Supplement details group B Streptococcus, resistance risks
Group B Streptococcus (GBS) bacteria cause at least 147,000 stillbirths and infant deaths worldwide each year, but providing effective treatment brings up antibiotic resistance and stewardship issues, according to a supplement to Clinical Infectious Diseases published today.
Led by the London School of Hygiene & Tropical Medicine (LSHTM) and involving more than 100 researchers from around the world, the series of 11 research papers estimates that about 18% of women globally harbor GBS. The researchers also conservatively estimate that, out of 410,000 GBS cases every year, at least 147,000 stillbirths and infant deaths occur around the globe annually. Africa had the highest burden, with 54% of estimated cases and 65% of stillbirths and infant deaths, despite housing only 13% of the world's population.
According to the new research, funded by the Bill & Melinda Gates Foundation, the top five countries by numbers of pregnant women colonized with GBS were India (2,466,500), China (1,934,900), Nigeria (1,060,000), the United States (942,800), and Indonesia (799,100).
GBS prevention focuses on prescribing antibiotics to women in labor, aiming to reduce disease in infants, given that no vaccine is available, according to an LSHTM news release. At least 60 countries have a policy for antibiotic use in pregnancy to prevent newborn GBS disease, but implementation of policies varies.
Joy Lawn, MB BS, PhD, an LSHTM professor, said in the release, "Antibiotics currently prevent an estimated 29,000 cases of early-onset group B Streptococcal disease per year, almost all in high-income settings. However, this approach may be difficult in low-income settings where many births take place at home, and laboratory capacity for screening for GBS is limited. In addition, giving antibiotics to 21.7 million women may contribute to antimicrobial resistance—a major global health crisis."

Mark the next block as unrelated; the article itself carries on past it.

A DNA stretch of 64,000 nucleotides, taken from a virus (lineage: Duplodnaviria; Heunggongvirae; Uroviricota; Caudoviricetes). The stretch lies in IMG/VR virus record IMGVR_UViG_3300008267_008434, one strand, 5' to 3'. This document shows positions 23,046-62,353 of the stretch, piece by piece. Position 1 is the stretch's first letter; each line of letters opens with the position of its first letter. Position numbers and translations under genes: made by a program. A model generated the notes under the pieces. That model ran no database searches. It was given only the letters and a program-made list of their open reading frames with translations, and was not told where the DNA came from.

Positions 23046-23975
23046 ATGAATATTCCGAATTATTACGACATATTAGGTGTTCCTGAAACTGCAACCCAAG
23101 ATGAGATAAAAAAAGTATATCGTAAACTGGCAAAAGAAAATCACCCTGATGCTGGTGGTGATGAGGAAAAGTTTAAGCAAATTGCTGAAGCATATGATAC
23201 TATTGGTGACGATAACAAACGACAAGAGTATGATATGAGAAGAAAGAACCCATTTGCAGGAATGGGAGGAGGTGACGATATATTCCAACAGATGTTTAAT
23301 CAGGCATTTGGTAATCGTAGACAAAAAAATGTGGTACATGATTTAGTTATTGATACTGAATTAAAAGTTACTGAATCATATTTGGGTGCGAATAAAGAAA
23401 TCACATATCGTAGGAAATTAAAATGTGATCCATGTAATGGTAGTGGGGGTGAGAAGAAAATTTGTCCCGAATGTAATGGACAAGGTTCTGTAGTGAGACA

Nov 6 Clin Infect Dis supplement
Nov 6 LSHTM news release
CDC announces end to papaya-linked Salmonella outbreak investigations
The Centers for Disease Control and Prevention (CDC) late last week announced the end of official investigations into a Salmonella outbreak linked to Maradol papayas imported from Mexico. The CDC said the outbreaks appear to be over.
A total of 251 people were sickened in 25 states, in four separate outbreaks, each linked to a different papaya grower in Mexico. Two people died, and 79 were hospitalized. Since the CDC's last updates on Sep 13, officials have confirmed 16 new cases.
The largest outbreak occurred with fruit grown on the Carica de Campeche farm in Tenabo, Campeche. In that outbreak, the first to be identified by the CDC, 220 people in 23 states were infected, including 1 death in New York City, and 68 hospitalizations. Patients reported illness onset dates from May 17 to Oct 4. Of 145 people interviewed by the CDC during this outbreak, 79 (54%) reported eating papayas.
The outbreaks led to recalls from Grande Produce and Bravo Produce, among other distributors of Mexican papayas.
Nov 3 CDC update on largest outbreak
Nov 3 CDC update on Urbana outbreak